Danilo SerbeDzija: Tereza37 is a story of an atypical heroine in a male-centric society
One of the most notable and award-winning Croatian movies in the last two years is certainly Tereza37, a film that follows the life of an unfulfilled middle-aged woman, lonely in marriage, struggling with infertility, and the expectations of a patriarchal society. Visitors of the Eastern Neighbors Film Festival had the opportunity to see it last November at a special screening in Utrecht. The film will be shown again at the festival’s 13th edition in The Hague. On the eve of the screening, we spoke with director Danilo Serbedzija, who will also be one of the festival’s special guests.
Tereza37 is your third feature film and the first in which you did not collaborate as a screenwriter. This is a woman’s story told from a woman’s point of view, and it was written by Lana Baric, who is also the main actress in the film. How did you decide to join the project?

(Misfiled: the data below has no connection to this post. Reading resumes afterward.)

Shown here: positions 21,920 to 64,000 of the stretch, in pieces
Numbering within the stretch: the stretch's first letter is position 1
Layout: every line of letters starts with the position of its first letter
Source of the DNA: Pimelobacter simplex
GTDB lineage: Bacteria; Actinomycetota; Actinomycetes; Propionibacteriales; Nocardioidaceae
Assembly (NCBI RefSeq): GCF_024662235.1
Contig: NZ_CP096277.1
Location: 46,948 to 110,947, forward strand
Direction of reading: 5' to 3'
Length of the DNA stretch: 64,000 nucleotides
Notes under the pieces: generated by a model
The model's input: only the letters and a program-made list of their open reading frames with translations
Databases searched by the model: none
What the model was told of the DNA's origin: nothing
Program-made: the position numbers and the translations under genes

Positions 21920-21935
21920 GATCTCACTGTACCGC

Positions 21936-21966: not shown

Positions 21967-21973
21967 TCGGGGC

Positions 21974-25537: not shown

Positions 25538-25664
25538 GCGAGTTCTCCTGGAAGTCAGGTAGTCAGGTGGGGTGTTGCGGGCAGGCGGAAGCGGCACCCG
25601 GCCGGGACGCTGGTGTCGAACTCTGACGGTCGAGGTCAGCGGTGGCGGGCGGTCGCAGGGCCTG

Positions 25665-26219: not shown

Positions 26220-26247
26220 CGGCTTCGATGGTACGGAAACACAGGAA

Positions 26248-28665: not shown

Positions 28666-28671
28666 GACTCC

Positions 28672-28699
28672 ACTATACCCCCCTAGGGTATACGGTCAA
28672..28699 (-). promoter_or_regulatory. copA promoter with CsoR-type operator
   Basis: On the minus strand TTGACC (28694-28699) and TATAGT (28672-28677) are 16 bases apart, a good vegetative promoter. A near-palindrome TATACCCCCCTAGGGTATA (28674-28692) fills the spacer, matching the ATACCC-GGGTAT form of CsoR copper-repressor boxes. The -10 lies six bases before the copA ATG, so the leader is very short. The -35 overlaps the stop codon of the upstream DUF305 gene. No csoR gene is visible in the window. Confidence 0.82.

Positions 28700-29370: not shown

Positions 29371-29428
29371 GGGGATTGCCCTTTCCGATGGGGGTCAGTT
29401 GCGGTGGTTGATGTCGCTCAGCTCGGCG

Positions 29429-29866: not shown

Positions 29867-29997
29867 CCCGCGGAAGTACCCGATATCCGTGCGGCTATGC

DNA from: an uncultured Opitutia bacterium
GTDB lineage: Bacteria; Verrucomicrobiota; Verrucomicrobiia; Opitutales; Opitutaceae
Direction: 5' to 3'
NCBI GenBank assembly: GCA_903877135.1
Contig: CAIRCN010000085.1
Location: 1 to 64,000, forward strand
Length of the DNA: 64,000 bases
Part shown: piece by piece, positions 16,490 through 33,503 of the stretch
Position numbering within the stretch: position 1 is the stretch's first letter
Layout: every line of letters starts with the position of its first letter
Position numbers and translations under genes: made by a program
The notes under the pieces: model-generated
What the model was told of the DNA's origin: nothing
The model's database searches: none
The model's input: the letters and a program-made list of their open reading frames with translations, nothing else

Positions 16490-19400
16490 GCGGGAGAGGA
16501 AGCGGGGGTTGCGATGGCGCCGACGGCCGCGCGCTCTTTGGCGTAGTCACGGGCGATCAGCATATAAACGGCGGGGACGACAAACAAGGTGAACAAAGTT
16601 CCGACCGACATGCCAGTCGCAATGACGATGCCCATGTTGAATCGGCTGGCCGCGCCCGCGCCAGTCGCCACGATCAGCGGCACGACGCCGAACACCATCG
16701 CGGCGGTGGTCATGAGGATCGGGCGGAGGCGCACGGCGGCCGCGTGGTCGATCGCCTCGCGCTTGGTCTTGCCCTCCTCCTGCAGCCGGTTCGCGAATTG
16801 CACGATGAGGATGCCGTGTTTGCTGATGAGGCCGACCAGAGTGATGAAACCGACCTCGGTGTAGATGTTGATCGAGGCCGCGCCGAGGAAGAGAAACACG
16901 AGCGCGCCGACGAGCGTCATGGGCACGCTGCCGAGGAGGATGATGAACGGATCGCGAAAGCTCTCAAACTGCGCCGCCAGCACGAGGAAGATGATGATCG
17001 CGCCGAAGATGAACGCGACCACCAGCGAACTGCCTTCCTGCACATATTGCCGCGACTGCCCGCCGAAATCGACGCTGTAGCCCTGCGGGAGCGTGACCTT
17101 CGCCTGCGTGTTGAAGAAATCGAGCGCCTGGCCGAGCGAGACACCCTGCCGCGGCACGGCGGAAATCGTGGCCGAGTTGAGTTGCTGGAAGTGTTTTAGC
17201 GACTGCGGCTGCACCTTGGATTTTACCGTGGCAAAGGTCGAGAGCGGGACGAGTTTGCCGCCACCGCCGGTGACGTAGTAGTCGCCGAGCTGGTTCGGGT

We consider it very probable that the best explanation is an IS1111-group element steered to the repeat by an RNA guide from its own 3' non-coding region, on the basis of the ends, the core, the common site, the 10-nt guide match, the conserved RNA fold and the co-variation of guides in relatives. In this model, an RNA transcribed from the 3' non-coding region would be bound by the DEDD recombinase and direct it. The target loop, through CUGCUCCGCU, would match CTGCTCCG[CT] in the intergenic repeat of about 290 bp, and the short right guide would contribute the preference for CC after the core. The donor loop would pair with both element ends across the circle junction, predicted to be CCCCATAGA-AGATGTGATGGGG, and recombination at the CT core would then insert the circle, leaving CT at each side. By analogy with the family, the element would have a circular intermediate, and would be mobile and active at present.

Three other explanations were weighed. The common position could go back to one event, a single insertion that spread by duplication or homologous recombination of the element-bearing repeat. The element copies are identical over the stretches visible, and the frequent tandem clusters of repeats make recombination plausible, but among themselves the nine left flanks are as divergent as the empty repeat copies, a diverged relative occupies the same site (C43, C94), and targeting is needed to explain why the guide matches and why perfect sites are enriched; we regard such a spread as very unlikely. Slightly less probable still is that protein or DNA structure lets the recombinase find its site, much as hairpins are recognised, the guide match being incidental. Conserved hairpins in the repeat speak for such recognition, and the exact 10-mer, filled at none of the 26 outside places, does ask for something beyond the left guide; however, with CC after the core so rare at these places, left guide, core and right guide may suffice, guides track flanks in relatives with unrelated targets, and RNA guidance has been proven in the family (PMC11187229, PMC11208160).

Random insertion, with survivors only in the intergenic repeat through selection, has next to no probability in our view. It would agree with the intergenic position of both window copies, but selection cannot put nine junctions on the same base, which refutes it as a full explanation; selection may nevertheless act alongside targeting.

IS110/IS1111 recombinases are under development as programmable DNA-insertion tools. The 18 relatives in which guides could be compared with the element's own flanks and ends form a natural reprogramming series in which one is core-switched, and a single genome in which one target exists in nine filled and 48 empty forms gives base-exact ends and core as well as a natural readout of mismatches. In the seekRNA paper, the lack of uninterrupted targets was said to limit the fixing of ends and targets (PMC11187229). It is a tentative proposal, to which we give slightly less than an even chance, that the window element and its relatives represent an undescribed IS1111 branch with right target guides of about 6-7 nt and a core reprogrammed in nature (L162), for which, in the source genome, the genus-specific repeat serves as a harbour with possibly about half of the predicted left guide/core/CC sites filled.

Yes, this is a woman’s story. Initially, Lana and producer Irena Markovic wanted to hire a female director, but it didn’t work out. My friend Ivana Roscic, who plays Tereza’s sister in the film, recommended me because she thought my approach suited their script. Honestly, I was thrilled after reading it for the first time and a bit jealous that I didn’t write it myself. I knew right away that was what I wanted.
Tereza is not a typical heroine. She is a person of inconspicuous appearance, semi-invisible, whom we might pass on the street without noticing. Her husband is often absent, and she is doomed to suffer defeats and numerous spontaneous abortions on her own. Does Tereza, or any woman, have the right to freedom in patriarchy, which is what she is trying to achieve in this film?